I have a personal networking thesis. I believe the social bonds with the greatest potential value are those that are less than three degrees of separation away. This isn’t to say that strangers or seemingly random connections can’t be valuable. This is to say that those who are further away have greater value to offer for the effort invested.
Robert Putnam discusses the concept of Social Capital in “Bowling Alone: The Collapse and Revival of American Community” (2000). He explains to two types of social capital: strong and weak social ties. Strong social ties are the relationships that develop through direct interactions with other people. Through mutual investment of effort by two or more people, strong social ties develop. For example, two people working together will develop a strong social bond. In comparison, a weak social tie are bonds developed through shared affiliation with a larger party or group. For example, being apart of the same class, living in the same housing community, or being a member of the same club.
Putnam observed that society was losing opportunities to foster weak social ties. He believed these communities were critical for the emergence of strong social ties. Putnam observed weak social ties allowed for economic opportunity, political organization, and personal happiness. He observed that the previously common “Bowling Clubs” were at their lowest registered membership. This statistic also applied to religious study groups and faith circles. Putnam observed a change in communities, where-in people had less time to developed weak social ties.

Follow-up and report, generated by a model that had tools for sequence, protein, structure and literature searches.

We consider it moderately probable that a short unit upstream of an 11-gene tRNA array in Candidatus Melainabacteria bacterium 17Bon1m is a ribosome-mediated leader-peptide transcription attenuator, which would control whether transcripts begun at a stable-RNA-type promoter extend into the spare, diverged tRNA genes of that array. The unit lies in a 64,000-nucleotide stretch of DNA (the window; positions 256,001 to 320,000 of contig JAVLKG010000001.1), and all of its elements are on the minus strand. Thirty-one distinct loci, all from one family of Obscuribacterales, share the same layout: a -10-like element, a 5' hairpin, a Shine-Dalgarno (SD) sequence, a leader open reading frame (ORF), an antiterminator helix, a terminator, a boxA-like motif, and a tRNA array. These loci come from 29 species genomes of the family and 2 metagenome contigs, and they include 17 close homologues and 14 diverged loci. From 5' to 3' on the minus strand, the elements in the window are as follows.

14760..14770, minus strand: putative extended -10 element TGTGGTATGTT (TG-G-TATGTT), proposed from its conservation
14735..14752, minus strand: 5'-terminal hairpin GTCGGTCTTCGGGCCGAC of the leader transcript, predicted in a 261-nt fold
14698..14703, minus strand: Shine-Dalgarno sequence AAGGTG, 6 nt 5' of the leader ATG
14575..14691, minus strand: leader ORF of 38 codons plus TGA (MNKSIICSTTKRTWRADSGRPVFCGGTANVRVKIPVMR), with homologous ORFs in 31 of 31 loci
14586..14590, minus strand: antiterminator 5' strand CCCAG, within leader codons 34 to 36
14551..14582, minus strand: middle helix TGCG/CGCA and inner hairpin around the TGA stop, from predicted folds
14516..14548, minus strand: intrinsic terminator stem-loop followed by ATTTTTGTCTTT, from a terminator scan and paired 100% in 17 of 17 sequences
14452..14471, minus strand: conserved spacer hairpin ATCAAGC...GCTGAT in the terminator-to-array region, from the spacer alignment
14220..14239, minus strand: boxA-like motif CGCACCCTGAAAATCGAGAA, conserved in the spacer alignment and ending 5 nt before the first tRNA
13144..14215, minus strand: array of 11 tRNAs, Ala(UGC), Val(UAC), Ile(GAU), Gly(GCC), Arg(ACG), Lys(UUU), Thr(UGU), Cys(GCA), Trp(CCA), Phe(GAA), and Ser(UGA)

In a later book, “Better Together: Restoring the American Community” (2003), Putnam applies his observation to the realm of religious organizations and emerging internet communities. His observation of social breakdown did not apply to the internet communities. In fact, in 2003, internet communities were the opposite. Putnam interviewed and researched active individuals in the then growing classifieds website Craigslist. Putnam recognized an interested phenomena arising in the community forums and for-sale pages. People who had little to no affiliation to one another were answering questions and offering personal help. In 2003, this shift in social interaction was not obvious. In 2014, we see how our social ecosystem dramatically changed. Facebook, Reddit, and other technology based social venues have replaced the weak social platforms.
In the past, weak social ties would expose people who were not likeminded. The result of affiliating with a group was that you were coming in contact with ideas that you did not necessarily believe in. In our present–day social networks, we surround ourselves with individuals who agree with us. When we come in contact with beliefs we don’t agree with, we silence the opposing voices. This comes in the “unfollowing”, “blocking”, or disassociating with the entire digital services.
Considering this: social ties of our generation are either strong or non-existent. This means we have our close circle or no circle. We are either busy or lonely. Technology makes it easy to craft platforms for social interaction. Scaffold up a Twitter or Pinterest clone in an afternoon with the Hartl or One-month-rails tutorial. The ‘how’ behind creating platforms is trivial.
As our last class discussed, now we ask the ‘why’ and for ‘what’. “Community is the result of someone planting a flag and waiting to see what happens.” That takes guts to do. So whose going to do it?
This blog post was inspired by a16z Podcast: Datacenter of the Future.